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Whenever the word „Samba“or the typical rhythmic sounds of the music is heard, ones mind travels to Brazil . Samba music and dance are part of the cultural heritage contributed by Africans to the social life of Brazil . The east coast of South America was discovered by the Portuguese and named Rio de Janeiro ( January River ) in the 16th century. The population of settlers quickly grew and the new colonists needed labourers to work on their plantations. This need initiated engagement in the slave trade. The slave trade machinery took Africans mostly from West Africa across the oceans to new found lands of North and South America including the islands. The majority of Africans that later worked on the plantations of Bahia , in the north-east of South America that was to be known as Brazil were the Yorubas. The Yorubas as well as other Africans retained their traditional religion and music in the new continent. With time, these traditions, influenced partly by other cultures in Brazil , were transformed and adapted to the new environment of the next generations of Africans.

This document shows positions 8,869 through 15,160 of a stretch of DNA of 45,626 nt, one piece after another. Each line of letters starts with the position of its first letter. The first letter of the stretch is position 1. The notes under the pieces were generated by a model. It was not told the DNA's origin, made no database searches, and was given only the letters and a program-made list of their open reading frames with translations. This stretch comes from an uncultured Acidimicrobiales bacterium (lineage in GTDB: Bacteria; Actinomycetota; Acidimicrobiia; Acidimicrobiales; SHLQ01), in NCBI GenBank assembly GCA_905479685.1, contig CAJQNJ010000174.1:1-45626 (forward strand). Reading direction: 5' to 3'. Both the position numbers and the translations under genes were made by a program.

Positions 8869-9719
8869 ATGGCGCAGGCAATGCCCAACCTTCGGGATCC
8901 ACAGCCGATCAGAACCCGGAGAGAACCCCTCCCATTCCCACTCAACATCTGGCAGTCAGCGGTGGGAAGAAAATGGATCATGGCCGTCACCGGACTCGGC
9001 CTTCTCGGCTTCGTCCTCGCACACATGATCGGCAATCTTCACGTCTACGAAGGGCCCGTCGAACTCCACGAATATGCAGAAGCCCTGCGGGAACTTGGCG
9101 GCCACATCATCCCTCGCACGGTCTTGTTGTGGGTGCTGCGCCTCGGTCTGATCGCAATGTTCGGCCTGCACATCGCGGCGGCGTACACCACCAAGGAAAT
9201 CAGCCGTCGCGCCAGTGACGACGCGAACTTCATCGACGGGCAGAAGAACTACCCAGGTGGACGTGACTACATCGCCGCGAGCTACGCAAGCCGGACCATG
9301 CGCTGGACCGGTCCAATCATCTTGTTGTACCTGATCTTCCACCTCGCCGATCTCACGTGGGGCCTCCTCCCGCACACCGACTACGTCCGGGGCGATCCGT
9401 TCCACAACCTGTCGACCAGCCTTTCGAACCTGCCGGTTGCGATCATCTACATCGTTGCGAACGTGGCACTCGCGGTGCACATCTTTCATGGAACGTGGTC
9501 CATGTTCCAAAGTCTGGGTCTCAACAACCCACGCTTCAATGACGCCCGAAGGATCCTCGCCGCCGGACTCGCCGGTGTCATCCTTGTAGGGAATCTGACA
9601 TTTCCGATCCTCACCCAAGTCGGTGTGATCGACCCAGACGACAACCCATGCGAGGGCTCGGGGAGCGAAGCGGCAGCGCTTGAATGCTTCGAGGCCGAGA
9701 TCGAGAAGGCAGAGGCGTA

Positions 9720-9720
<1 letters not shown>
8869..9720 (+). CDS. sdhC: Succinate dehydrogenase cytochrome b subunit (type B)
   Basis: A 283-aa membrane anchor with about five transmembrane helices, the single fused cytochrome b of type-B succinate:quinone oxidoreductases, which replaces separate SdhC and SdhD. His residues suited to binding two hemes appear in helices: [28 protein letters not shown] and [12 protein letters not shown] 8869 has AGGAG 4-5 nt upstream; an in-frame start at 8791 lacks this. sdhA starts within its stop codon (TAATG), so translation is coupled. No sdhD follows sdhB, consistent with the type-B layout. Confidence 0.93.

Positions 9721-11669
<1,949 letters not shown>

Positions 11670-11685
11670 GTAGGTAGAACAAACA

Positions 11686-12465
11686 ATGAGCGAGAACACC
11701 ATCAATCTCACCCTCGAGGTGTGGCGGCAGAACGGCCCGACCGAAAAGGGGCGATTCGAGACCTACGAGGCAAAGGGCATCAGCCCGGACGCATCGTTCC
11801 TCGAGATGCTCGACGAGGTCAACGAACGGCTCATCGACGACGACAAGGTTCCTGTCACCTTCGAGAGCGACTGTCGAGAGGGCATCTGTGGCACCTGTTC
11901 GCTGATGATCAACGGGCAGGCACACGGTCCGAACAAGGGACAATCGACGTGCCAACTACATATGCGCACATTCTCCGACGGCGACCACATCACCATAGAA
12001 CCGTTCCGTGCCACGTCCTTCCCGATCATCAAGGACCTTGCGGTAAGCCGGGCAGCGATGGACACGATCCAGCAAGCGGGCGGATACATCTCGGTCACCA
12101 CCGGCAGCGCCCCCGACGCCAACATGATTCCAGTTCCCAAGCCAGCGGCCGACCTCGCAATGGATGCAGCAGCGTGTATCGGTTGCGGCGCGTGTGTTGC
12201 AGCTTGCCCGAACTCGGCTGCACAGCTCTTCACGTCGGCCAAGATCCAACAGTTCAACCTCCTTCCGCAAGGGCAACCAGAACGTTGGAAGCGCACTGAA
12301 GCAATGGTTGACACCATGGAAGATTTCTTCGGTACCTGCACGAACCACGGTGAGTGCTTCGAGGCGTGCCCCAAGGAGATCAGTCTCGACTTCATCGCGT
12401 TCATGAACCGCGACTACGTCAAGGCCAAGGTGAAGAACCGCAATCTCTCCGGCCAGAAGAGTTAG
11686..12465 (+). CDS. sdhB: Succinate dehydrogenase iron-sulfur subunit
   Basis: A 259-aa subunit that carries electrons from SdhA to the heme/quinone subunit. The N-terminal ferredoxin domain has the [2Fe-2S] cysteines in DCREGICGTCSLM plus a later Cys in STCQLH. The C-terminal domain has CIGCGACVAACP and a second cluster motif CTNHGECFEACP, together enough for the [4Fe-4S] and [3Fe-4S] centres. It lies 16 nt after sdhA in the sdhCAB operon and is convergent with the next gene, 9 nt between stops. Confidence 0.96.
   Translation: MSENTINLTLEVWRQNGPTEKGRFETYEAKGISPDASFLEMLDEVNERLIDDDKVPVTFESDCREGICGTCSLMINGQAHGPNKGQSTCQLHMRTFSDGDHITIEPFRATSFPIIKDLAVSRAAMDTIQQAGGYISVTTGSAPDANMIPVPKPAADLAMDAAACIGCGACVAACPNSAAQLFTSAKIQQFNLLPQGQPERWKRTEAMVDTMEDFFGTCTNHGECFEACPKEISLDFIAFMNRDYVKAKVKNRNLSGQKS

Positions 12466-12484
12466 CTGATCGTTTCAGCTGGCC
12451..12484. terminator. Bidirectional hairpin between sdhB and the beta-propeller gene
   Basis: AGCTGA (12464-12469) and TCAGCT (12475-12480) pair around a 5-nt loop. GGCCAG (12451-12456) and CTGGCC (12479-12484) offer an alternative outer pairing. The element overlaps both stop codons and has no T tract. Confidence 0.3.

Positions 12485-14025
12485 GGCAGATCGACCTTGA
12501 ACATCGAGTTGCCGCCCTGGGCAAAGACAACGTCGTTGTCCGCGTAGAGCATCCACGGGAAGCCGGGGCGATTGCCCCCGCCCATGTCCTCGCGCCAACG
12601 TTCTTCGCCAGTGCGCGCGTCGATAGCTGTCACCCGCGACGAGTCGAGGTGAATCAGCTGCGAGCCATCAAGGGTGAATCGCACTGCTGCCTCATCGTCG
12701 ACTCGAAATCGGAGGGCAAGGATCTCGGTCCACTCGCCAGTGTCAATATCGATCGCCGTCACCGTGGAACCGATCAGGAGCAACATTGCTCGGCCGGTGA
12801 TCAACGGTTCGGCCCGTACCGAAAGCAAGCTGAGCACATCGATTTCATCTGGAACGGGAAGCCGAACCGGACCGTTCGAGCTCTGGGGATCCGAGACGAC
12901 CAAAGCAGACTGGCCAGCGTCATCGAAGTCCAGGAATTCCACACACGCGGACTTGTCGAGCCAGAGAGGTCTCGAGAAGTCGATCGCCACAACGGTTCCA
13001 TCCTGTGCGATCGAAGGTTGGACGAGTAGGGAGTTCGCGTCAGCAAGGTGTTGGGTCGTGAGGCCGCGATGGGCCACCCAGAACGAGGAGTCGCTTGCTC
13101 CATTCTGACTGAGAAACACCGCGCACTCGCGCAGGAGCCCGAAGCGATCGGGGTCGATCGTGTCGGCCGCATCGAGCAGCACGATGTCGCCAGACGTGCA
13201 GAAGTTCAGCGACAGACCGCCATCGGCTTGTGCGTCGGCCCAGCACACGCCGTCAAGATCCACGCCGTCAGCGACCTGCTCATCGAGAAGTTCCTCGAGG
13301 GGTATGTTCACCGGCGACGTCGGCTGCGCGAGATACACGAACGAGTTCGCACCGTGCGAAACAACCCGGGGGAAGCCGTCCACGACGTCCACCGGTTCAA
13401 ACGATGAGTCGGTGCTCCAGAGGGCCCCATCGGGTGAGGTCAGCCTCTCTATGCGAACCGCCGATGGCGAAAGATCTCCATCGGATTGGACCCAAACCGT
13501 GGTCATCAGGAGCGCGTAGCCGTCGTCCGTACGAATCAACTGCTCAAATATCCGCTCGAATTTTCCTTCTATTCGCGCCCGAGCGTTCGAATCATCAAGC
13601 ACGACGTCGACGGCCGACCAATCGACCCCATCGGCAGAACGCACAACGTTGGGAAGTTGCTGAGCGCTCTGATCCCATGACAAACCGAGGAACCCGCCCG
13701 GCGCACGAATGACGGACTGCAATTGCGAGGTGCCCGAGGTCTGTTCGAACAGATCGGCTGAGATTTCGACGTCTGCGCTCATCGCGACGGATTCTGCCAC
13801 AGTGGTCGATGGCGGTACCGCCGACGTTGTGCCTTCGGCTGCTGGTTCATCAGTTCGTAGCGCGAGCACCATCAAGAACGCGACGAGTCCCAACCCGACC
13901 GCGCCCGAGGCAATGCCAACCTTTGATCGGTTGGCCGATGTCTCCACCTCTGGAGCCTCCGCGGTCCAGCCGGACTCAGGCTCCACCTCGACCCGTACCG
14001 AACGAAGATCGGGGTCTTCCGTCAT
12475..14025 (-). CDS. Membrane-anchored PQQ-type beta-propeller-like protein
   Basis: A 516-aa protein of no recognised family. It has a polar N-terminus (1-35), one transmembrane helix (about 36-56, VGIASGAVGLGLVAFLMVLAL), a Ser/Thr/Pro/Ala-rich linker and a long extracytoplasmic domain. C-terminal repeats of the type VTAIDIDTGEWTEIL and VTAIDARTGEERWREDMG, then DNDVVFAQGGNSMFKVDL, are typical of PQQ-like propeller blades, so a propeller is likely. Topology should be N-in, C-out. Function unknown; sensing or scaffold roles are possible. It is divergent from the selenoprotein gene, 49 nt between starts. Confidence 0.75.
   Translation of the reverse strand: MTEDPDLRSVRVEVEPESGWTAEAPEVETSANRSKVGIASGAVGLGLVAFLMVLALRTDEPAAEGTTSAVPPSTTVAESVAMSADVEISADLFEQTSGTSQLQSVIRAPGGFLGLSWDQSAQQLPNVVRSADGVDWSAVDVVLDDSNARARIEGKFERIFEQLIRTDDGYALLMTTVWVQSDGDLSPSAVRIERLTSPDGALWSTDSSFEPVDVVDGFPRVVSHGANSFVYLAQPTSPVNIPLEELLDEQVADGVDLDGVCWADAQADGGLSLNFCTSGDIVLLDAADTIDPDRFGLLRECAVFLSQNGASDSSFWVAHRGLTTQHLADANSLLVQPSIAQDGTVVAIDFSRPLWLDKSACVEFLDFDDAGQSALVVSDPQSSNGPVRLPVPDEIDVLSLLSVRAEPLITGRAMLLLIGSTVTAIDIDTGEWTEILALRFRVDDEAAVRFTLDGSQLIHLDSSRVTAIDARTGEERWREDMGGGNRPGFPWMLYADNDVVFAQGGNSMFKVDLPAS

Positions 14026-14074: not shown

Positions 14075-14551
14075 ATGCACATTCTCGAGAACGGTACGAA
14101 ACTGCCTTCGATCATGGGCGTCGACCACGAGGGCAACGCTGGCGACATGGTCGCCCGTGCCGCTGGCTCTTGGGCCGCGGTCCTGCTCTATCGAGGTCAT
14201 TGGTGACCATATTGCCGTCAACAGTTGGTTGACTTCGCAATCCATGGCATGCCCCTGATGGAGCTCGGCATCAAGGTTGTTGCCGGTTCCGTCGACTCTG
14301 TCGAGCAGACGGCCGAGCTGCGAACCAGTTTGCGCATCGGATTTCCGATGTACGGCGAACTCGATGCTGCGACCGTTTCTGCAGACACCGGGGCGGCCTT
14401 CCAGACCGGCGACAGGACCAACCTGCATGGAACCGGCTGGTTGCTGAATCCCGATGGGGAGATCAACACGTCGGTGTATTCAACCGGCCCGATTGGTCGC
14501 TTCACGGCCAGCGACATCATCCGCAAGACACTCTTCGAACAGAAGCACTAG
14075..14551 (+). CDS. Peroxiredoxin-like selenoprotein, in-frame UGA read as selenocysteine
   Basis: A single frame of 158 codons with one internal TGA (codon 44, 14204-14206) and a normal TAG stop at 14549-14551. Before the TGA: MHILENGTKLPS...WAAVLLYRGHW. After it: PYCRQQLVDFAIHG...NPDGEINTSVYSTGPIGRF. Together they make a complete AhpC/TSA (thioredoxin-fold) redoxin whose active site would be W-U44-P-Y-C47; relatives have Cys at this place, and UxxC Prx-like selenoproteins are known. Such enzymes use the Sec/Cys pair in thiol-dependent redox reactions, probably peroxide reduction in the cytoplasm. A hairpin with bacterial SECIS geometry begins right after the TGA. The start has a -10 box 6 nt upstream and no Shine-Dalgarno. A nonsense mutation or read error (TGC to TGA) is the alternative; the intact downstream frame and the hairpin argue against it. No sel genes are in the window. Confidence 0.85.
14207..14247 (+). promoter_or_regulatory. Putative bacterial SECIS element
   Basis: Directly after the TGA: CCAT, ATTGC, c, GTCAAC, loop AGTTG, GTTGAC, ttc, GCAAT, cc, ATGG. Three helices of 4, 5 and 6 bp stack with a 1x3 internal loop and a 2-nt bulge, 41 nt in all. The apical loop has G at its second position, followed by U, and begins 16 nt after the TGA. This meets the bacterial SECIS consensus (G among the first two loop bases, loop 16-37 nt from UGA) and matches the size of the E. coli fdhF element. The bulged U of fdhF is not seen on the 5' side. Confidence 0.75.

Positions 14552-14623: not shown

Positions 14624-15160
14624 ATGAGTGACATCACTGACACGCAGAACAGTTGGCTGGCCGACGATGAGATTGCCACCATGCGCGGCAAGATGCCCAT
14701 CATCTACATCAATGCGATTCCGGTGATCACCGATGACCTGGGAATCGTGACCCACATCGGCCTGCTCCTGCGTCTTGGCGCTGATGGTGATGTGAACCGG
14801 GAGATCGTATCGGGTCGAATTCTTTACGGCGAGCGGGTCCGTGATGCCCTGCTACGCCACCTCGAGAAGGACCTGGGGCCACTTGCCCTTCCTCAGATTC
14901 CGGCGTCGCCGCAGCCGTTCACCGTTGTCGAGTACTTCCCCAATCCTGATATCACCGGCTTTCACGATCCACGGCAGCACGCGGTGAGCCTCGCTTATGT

The transformation of the Yoruba religion became the Afro-Brazilian religion called Candomble. Elements of diverse African rhythm and dances form the basics of samba. The word “Samba” itself is associated with the African religion and means to pray and invoke one’s personal Orisha (A Yoruba word meaning god or saint). The frenzy dance with artistic movements of all parts of the body especially the hips exudes happiness and pleasant erotic. In the early days in European, the samba dance art was considered immoral and some authorities tried to stop its popularity. Samba survived and became even more popular over time with different variations of the music and dance being developed. Today, the annual carnival in Rio combined its samba de enredo and gorgeous dancers have become a national symbol of Brazil .









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